According to the invention there is provided a method and system for use in an electronic processor controlled vehicular braking system. The method allows elimination of caliper pressure sensors and any controls systems and associated algorithms from the braking system, while improving braking capability through decreasing response time of the system.
In the brake-by-wire system, like that used with the present invention, it will be understood that a pump applies high-pressure fluid to an accumulator. The accumulator stores a large volume of high-pressure fluid. The accumulator is used so that high-pressure fluid is always available on demand. Without the accumulator, the system would have to wait until the pump generates pressure before the pressure can be used to activate the caliper. A reservoir is used to hold fluid, which can be sent to the low-pressure side of the pump and also collects fluid from a release valve. Brake calipers convert the fluid pressure to force, which is applied to brake rotors. As fluid enters the calipers the caliper pistons are displaced. The amount of fluid to achieve desired pressure is a function of the caliper compliance.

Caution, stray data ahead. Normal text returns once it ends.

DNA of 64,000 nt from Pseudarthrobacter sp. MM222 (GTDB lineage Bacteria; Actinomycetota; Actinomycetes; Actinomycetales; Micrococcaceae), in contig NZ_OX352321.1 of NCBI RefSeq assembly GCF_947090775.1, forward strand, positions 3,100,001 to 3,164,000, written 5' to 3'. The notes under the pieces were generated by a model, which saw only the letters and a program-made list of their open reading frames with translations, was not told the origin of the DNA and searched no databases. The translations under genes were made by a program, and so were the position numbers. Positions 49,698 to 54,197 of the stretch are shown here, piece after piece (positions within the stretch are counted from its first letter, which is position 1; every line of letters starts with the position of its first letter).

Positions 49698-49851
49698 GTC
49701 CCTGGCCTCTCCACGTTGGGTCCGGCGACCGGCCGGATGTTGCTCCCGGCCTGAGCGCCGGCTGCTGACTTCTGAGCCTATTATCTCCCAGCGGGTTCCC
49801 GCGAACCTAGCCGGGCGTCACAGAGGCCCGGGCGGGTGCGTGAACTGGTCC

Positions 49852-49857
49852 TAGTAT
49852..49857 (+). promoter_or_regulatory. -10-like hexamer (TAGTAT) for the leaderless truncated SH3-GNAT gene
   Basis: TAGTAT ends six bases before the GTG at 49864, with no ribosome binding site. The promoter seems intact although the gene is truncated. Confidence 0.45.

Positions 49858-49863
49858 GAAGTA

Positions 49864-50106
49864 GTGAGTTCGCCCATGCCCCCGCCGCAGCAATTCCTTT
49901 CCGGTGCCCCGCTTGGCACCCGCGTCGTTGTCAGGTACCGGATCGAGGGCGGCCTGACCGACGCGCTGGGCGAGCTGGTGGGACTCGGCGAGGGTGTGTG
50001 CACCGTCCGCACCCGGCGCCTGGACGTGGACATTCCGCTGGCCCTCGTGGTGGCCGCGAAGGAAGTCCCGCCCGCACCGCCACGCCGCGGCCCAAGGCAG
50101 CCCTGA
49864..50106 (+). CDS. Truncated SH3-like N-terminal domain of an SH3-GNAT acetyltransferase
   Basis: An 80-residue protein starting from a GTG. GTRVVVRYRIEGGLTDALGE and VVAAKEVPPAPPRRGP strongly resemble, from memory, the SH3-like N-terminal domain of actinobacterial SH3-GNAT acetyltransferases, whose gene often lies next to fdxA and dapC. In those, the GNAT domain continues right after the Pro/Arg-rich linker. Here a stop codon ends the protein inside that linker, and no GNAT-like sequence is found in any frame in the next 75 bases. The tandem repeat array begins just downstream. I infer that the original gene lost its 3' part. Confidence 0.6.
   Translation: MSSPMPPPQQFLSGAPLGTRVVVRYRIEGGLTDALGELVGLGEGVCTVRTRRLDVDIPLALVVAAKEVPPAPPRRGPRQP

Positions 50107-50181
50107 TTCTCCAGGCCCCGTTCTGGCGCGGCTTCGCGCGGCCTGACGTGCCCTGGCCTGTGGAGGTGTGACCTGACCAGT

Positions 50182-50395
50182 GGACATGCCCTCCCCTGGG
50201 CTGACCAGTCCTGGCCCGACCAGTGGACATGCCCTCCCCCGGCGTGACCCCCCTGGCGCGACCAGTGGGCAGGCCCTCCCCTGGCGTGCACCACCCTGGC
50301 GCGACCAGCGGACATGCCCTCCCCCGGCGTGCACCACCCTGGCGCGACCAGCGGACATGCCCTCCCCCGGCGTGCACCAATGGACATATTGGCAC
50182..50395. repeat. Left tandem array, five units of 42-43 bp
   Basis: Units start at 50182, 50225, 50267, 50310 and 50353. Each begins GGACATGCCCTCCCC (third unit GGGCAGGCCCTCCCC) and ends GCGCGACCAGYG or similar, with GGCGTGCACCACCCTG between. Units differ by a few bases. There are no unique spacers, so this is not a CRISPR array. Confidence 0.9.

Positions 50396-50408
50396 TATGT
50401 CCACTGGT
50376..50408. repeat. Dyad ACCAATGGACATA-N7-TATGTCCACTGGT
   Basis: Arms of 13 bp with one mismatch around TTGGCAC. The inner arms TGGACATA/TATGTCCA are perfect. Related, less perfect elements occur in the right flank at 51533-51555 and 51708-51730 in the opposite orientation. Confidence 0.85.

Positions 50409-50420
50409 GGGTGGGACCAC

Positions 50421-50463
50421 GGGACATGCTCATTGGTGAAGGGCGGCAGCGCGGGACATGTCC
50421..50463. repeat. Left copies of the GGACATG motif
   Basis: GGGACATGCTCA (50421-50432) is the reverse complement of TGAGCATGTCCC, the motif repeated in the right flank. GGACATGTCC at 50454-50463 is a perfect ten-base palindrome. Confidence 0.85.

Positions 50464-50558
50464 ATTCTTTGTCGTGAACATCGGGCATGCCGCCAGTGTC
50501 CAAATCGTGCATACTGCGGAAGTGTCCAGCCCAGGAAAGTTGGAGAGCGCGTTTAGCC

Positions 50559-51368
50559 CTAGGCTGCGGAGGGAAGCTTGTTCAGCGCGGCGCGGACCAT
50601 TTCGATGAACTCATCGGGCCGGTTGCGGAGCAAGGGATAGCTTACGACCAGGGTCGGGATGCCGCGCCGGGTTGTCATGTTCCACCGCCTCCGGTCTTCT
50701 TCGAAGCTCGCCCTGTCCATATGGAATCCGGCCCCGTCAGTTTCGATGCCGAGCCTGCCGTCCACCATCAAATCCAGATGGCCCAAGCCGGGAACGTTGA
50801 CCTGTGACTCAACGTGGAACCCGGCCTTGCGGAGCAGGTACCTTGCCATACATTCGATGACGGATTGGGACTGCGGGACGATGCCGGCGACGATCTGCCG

With respect to operation of a brake-by-wire system, it should be understood that three important forces are acting on each valve, also known as a proportional poppet valve. The three forces include a force applied by an electrical coil, a force applied by fluid pressure and a biasing force applied by a spring in the valve. When a current is applied to the coil, the poppet is moved in such a way to permit fluid to flow between the accumulator to the caliper. As the fluid pressure increases in the caliper, the pressure difference across the valve reduces and therefore the fluid pressure force reduces. Thus, when the coil force and the spring force remain unchanged the valve begins to close. The proportional poppet valve will close completely when the differential pressure across the valve is reduced and the spring force overcomes the coil and any remaining fluid pressure force. Therefore, a given coil current results in a given caliper pressure.